The Morning Commentary: Standing Firm But Ready To Act
A daily summary and commentary of events and factors that affect the global markets, with a particular emphasis on the foreign exchange markets.
Standing Firm But Ready To Act
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Andrew Kositkun Foreign Exchange Head Trader
The Bank of Canada (BoC) will announce its next rate decision tomorrow morning and should keep its cash rate steady at 0.15%. Previously, the BoC has acted quickly and decisively to bring its overnight rate down to the effective lower bound and implement other measures to support the economy.
While no action is expected on rates, the BoC will publish a new outlook, inflation forecasts and its estimate of the neutral rate. Given the magnitude of the BoC’s prior actions, expect them to keep rates unchanged for the foreseeable future while signaling the willingness to act further if needed. With apparent opposition against negative rates, expect the next big step, should one be needed, to be yield curve control.
Recent price action has seen the Canadian dollar strengthen, but we would be inclined to fade this global risk rally induced retracement. A weaker loonie is needed help the Canadian economy adjust to the negative demand shock. None other than the BoC itself has stated that the value of the Canadian dollar should ultimately reflect the sharp decline in commodity prices. On a YTD basis, crude oil is down 65% while USDCAD is ~7% higher.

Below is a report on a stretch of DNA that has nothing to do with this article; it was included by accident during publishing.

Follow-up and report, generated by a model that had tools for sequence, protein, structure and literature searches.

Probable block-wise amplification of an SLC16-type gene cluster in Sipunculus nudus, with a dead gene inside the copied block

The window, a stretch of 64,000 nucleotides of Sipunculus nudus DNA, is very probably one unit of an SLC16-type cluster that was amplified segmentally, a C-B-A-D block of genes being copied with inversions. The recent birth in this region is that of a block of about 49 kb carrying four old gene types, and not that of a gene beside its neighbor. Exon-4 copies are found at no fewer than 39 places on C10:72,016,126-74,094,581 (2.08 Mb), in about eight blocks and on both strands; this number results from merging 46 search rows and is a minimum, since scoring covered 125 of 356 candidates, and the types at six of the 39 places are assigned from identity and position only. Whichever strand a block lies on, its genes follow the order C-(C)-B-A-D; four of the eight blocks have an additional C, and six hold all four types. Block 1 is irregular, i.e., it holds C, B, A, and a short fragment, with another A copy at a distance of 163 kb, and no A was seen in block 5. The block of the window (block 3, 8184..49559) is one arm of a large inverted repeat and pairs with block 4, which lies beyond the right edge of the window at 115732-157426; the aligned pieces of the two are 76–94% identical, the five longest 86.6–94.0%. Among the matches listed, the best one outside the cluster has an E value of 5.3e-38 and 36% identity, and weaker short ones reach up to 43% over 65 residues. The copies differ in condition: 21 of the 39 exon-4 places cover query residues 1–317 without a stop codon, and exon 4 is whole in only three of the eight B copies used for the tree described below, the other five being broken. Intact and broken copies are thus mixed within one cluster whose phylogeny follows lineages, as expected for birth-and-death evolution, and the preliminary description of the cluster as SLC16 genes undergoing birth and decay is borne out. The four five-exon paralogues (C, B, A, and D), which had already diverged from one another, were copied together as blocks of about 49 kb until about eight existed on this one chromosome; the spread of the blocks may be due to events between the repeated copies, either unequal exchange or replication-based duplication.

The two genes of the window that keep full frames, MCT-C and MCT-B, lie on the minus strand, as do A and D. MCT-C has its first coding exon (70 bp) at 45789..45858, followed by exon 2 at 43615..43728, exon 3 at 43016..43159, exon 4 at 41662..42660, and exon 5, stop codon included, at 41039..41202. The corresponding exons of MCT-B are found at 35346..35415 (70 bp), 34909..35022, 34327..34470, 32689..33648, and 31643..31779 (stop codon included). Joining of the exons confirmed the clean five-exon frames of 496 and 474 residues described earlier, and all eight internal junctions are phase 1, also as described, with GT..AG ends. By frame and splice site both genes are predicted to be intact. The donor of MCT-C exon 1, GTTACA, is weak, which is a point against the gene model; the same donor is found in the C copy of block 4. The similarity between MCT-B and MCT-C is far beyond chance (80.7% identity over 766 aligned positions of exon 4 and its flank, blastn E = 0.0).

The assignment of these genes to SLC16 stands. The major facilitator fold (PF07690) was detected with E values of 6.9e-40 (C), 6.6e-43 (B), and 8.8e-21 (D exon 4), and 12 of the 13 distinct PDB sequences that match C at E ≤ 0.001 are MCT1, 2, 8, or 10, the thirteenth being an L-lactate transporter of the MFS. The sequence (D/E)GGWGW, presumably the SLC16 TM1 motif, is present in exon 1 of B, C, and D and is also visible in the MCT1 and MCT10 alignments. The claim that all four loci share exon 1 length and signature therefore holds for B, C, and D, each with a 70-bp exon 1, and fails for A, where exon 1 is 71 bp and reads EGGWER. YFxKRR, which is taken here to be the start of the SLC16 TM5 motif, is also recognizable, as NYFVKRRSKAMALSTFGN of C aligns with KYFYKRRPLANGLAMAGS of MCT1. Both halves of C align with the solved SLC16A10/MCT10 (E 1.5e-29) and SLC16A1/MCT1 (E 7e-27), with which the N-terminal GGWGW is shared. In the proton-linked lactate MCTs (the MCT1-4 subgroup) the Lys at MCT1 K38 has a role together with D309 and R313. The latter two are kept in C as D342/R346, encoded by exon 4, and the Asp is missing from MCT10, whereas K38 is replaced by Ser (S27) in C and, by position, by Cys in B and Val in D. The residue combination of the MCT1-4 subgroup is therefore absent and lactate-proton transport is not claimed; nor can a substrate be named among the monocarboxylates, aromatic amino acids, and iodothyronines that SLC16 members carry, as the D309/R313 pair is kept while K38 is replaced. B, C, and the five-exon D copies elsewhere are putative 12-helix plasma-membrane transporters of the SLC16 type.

On a historical basis, lower oil prices usually leads to BoC to run a looser monetary policy than the Fed. However, due to the effective lower bound, there is little that the BoC can do on rates. As such, expect USDCAD to continue to adjust higher to ease relative monetary conditions as well as to account for negative economic shocks from COVID-19 that are not likely be temporary.
HERE ARE THE KEY NEWS STORIES FROM OVERNIGHT:
The International Monetary Fund has published its World Economic Outlook and predicts that the “Great Lockdown” recession will be the steepest decline in almost a century and flags risks around the recovery should the virus linger or return.
Divergent virus outcomes continue to lead to a dichotomy of reactions. Italy and Spain appear to be over the worst and are on track for a gradual re-opening with the US also pushing for the same. Conversely, France, the UK, Japan and India are among the group of countries looking to extend or impose stricter lockdown measures.
South Africa’s central bank cut its rates by 100 basis points to an all-time low of 4.25% in an unscheduled meeting. This move comes right after the government announced an extension to its lockdown. With no material fiscal response, the burden falls on monetary policy to support the fragile economy. The ZAR is the worst performing EM currency on a YTD basis.
China’s trade figures came in better than expected. Exports fell -6.6% against expectations for a -13.9% decline and imports fell -0.9% against expectations for a -9.8% decline. While these numbers are positive and support the narrative that activity is recovering in China, uncertainty around the recovery is still high.
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